Immunostains for intermediate molecular weight neurofilament protein (NF-M; antibody RMDO20) confirmed the presence of axons but suggested acute axonal swelling and damage in the perivascular lesions.
CD68, 20xCD45/LCA, 20xThe cellular infiltrates were mostly histiocytes (CD68 +), and there was extensive diffuse activation of and infiltration by microglia.
Azocarmine stains did not show fibrinoid necrosis of vessel walls although there is obviously fibrin in the hemorrhages.
GFAP immunostains demonstrated an early gliosis in and around the lesions20x40x
DiagnosisACUTE HEMORRHAGIC LEUKOENCEPHALITIS(SYNONYMS: WESTON HURST DISEASE; ACUTE NECROTIZING ENCEPHALITIS; ACUTE NECROTIZING HEMORRHAGIC ENCEPHALITIS)
Diagnosis, PathogenesisAHEM is an post-infectious demyelinating disease often thought of as a fulminant and hemorrhagic variant of Acute Disseminated EncephalomyelitisIn contrast to ADEM, AHEM is more often fatal, and (as here) is often discovered only at autopsy, although with MRI the diagnosis is made more frequently in life than formerlySurvival has been reported with aggressive immunosuppressive therapy including high dose steroids, and survivors often have minimal sequelaeThis is believed to be a florid auto-immune disorder or immune-related hypersensitivity reaction causing vascular damage and demyelination, essentially a brain-limited Arthus reaction. It has been associated with a broad spectrum of triggering illnesses, with increasing attention paid to Mycoplasma pneumoniae upper respiratory infections
ReferencesHurst EW. Acute hemorrhagic leucoencephalitis: a previously undefined entity. Med J Aust 2, 1-6, 1941.General Neuropathological DescriptionsGreenfield JG. Infectious Diseases of the Central Nervous System. Ch 3 in Neuropathology, 1st ed (JG Greenfield, W Blackwood, WH McMenemy, Meyer A, Norman KM, eds). London: Edward Arnold, 1958; pp. 205-207.Sobel RA, Moore GRW. Demyelinating Diseases. Ch 20 in Greenfields Neuropathology, 8th ed (S Love, DN Louis, DW Ellison, eds). London:Hodder-Arnold, 2008; pp. 1586-1588.Kleinschmidt-DeMasters BK, Simon JH. Dysmyelinating and Demyelinating Disorders. Ch 5 in Neuropathology. (R Prayson, ed). Philadelphia: Elsevier/Churchill Livingstone, 2007; pp. 217-219.Hart MN, Earle KM. Haemorrhagic and perivenous encephalitis: a clinical-pathological review of 38 cases. J Neurol Neurosurg Psychiatr 38, 585-591, 1975.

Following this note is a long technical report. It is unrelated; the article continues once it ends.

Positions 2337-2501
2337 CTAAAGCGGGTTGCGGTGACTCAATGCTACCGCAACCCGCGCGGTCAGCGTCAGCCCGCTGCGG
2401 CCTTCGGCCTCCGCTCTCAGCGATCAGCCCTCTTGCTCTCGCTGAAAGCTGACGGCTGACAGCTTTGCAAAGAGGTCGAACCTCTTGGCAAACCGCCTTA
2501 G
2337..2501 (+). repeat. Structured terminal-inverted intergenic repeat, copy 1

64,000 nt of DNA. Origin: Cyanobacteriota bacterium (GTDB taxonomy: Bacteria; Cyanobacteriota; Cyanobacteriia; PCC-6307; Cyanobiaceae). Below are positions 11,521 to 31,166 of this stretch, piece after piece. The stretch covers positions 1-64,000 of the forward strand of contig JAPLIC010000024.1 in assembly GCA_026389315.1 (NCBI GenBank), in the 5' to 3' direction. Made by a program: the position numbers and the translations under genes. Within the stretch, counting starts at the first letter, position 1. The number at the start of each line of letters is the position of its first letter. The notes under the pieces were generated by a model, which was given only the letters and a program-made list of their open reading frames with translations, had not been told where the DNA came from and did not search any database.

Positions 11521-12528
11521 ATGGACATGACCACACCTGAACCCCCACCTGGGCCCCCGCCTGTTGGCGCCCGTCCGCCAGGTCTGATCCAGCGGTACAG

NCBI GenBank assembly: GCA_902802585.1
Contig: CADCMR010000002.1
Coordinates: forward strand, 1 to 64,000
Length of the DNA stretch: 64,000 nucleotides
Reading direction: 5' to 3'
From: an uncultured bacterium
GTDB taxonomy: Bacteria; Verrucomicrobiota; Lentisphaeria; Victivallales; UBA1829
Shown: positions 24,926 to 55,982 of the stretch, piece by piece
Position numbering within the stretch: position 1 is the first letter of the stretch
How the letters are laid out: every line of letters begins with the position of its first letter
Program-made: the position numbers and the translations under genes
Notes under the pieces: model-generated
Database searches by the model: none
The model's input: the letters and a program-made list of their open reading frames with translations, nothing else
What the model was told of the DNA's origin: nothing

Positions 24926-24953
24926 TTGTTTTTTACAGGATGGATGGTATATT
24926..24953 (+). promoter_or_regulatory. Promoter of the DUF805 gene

ReferencesSelect Recent ArticlesPfausler B, Engelhardt K, Kampfl A, Spiss H, Taferner E, Schmutzhard E. Post-infectious central and peripheral nervous system diseases complicating Mycoplasma pneumoniae infection. Report of three cases and review of the literature. Eur J Neurol 9, 93-96, 2002.Leake JAD, Billman GF, Nespeca MP, Duthie SE, Dory CE, Meltzer HS, Bradley JS. Pediatric acute hemorrhagic leukoencephalitis: report of a surviving patient and review. Clin Infect Dis 34, 699-703, 2002.Lee HY, Chang K-H, Kim JH, Na DG, Kwon BJ, Lee K-W, Park SH. Serial MR imaging findings of acute hemorrhagic leukoencephalitis: a case report. Am J Neuroradiol 26, 1996-1999, 2005.